African literature is going through a global renaissance, and aspiring authors from all over the continent are looking for ways to work towards their goal of being published and making it big globally. The Writing Room by Brittle Paper wants to continue to centre emerging African talents through free online masterclasses led by prominent authors and publishers.
Ellah Wakatama, the chair of the AKO Caine Prize for African Writing, is the instructor on Language and Style. Zukiswa Wanner, the instructor on Plot, is a publisher and author of nine books. Chimeka Garricks, the instructor on Character Development, is a Nigerian Irish writer and has published award-winning and bestselling works of fiction. Molara Wood is the instructor on Themes. She is a Lagos-based journalist, editor, and author of Indigo, a collection of short stories. Eghosa Imasuen, the instructor on Setting, is a Nigerian novelist and the co-founder of Narrative Landscape Press Limited, a publishing company based in Lagos.
They were joined by a special guest, Ben Okri, in Brittle Paper Presents: The Writing Room. The webinar was moderated by Prof. Ainehi Edoro-Glines, the editor-in-chief of Brittle Paper, and Natasha Kimani of Africa No Filter. It unpacked the beauty and challenges of African writing and how emerging authors can work towards illustrious international careers.
Here are five tips from their conversation.
- Focus on growth as opposed to perfection: Booker Prize winner Okri noted that he doesn’t “hold up very much light for [his] first novel”, but he shared an important lesson it taught him: “It taught me discipline. It made me aware that to tell a story — no matter how badly you tell it— requires a lot of work.” Ellah Wakatama added that discipline and constantly taking yourself seriously as a writer are inseparable in your journey. “Yes, you will be dedicated and hardworking, and all of those things, but also, if you’re taking yourself seriously, you’re seeking excellence,” she said. In other words: start writing, be consistent about it and always strive to produce work that has the potential to get attention from readers and the publishing industry.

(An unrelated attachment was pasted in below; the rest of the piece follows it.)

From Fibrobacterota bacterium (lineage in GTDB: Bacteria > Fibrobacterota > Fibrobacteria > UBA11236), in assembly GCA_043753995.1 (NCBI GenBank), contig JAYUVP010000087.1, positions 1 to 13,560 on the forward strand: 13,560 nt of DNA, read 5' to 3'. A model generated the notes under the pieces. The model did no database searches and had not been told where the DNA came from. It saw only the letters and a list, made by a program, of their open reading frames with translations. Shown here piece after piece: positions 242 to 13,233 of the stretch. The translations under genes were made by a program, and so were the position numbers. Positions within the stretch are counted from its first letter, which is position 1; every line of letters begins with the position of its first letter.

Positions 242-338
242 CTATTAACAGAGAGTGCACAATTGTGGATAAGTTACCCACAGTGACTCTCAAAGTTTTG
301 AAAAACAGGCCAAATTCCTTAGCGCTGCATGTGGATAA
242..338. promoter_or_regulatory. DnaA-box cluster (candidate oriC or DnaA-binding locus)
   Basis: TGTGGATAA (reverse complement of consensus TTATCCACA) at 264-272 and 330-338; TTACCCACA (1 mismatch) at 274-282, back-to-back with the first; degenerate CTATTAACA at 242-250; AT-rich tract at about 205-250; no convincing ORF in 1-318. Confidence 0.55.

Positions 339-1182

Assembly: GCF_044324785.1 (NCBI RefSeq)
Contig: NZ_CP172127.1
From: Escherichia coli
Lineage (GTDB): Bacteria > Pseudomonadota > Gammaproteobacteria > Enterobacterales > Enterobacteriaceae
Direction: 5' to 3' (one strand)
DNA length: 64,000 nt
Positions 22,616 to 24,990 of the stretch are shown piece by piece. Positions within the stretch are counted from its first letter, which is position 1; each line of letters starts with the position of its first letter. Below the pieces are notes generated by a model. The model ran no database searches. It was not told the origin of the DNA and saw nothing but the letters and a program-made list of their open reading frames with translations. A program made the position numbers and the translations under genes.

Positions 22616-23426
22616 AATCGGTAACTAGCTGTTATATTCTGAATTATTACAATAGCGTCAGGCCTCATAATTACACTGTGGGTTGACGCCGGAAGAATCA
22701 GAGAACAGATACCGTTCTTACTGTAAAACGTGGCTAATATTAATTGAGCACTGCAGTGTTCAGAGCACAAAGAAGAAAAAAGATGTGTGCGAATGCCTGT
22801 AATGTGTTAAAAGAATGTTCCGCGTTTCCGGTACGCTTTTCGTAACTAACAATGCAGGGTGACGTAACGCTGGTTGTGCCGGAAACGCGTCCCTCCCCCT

- Be prepared for bumps on the road: Okri began his conversation reflecting on the difficulties he experienced as a writer, remarking that he wrote: “from a space of impossibility.” He didn’t have a lot of resources. Publishers did not want to publish his writing. He didn’t have a supportive community. He added that while these challenges are quite common, you should not allow them to deter you from working on your manuscript. This is where The Writing Room platform comes in, added Prof. Edoro-Glines. The platform is designed to smoothen common challenges experienced by emerging writers through world-class training and other tools to help you navigate the publishing space.
- Understand rules but write freely: Both Imasuen and Garricks agreed on a need to know and understand the rules of writing and when to mess with the boundaries as you find your voice. Imasuen, with a unique perspective as a writer and publisher, reflected on the need to obey practical rules like those with submission guidelines. “The best writers,” Garricks remarked, “do the little things well.” However, he noted that love for the craft trumps any slavish adherence to writing rules when it comes to writing.
He added that writers must be “mad, but it makes them good at it.” As a writer starting, navigating this tension between adhering to convention versus doing your own thing is a crucial part of finding your flair and voice. Garricks suggested learning and understanding, emphasising the difference between obeying and understanding: “There are specific rules you obey, like submission rules. Writing rules, not so much; have fun.
- Seek Out Community: Building or seeking out a supportive, honest, and steadfast writing community is essential for new writers. “When you are in conversation with other writers, you can become a better writer,” said Wood. And it is not a one-way street of just having someone give feedback on your work. It is essential to intensely and actively listen as well. It is important to listen to what others say, in feedback or through their writing. “It can help you fine-tune your ideas about fiction, your place in the world, what you think about things, and what topics energise or task you,” Wood added.
- Look for inspiration in your own life and experiences: Okay, so you’ve read through this list, checked out some classes, and now you’re wondering: what should your first work be about? While this task seems daunting, do not despair. Reflect and look around you and your world for inspiration for your writing. Okri offered this wisdom on seeking inspiration: “Our novels, stories, poems—they come from our vivid, alive, passionate, curious engagement with this great business of living. The more vital one is in one’s relationship with life, the more vital the one's relationship with inspiration.”
Do not worry about who else is writing stories or if your topic is too obscure or popular. Your story is unique because it comes from you.
Watch Brittle Paper Presents: The Writing Room